Psychodrama review – noirish inner world of murderous lovers is disjointed and draining | Theatre

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Psychodrama is described as a love letter to storytelling by its creators, Christopher Brett Bailey and the experimental theatre company, Sleepwalk Collective. This production certainly innovates in the delivery of the story, which is transmitted to us through headphones as its two performers speak their feverish, non-sequitur tale into microphones.

Bailey and iara Solano Arana, sit at a desk, looking and sounding as if they have stumbled out of a David Lynch film. They play lovers on the road and out to kill. They wear period wigs, circa 18th-century France (designed by Katie Du’Mont) along with 21st-century dress, which makes them look like modern disciples of the Marquis de Sade.

“Breathe deeply and slowly,” says Bailey, settling us into the story to come which at first has the ring of a guided meditation or hypnotic recording designed to take us into an altered state. The duo encourage us to “calibrate” ourselves for a story that could be considered “foreplay” and speak of a “safe space” but it seems to be the very opposite as we enter their nocturnal and noirish inner world, filled with explicit descriptions of sex and violence.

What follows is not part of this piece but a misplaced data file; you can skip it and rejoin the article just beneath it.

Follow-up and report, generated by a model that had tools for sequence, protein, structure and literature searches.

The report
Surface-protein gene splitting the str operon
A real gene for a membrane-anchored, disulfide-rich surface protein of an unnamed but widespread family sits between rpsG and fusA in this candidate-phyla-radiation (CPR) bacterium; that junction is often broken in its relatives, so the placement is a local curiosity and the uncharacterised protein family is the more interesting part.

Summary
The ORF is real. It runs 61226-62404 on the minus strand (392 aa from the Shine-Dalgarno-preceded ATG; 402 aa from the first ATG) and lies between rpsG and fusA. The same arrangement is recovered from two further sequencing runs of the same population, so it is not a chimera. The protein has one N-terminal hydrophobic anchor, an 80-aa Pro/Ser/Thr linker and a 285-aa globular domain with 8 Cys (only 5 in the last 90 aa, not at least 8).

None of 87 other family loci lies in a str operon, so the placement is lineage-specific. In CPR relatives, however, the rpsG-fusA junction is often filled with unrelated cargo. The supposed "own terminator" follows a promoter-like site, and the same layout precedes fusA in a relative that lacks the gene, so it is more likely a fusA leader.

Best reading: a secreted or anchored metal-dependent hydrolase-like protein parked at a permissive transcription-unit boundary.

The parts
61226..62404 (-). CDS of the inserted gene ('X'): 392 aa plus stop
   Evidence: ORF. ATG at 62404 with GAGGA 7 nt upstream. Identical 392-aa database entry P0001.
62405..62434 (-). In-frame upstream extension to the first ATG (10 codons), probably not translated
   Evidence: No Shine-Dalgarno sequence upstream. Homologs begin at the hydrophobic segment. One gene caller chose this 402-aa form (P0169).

Iara Solano Arana and Christopher Brett Bailey.
Modern disciples of the Marquis de Sade … iara Solano Arana and Christopher Brett Bailey. Photograph: Tristram Kenton/the Guardian

It feels like falling into a vortex of nightmarish scenarios as they speak of a murderous pact, dead bodies and dismembered limbs, especially those of women.

The violence seems to aspire to critique the voyeuristic tropes of true crime podcasts and beyond, but feels gratuitous, and without enough meaningful commentary, satire or subversion: “I dildo myself to oblivion with the severed limb,” says Arana, as she speaks of pushing further into the violence as a way of exploring it. But there is only ever an endless stream of disturbing images with no greater context or coherent argument.

The graphic sex too, though clearly overplayed and cartoonish – from sweat to glutinous white spurts, congealed menstrual blood and “puddles of cum” – again feel unnecessary even in the presumed attempt to send up such pornographic narratives. When intestines are described to come out of an “asshole” in one sex act, it really does veer into Marquis de Sade territory. Bailey fellates a dildo while Arana writhes on the floor with her legs in the air, like an upturned beetle, and there is the discomforting feeling that we are watching this scene for their pleasure, indulging the bizarre experimental excess.

The ambient music and sound design (by Bailey and Sammy Metcalfe) is the strongest aspect of the production, along with Metcalfe’s moody lighting. There is real verbal dexterity to the script too, and a heady delirium in its delivery, but it feels excessive and unharnessed as we drift from one vision to the next. Even if this production replicates the form of a dream, it does not satisfy as a performance, it is too disjointed and draining, its weirdness outdoing even David Lynch



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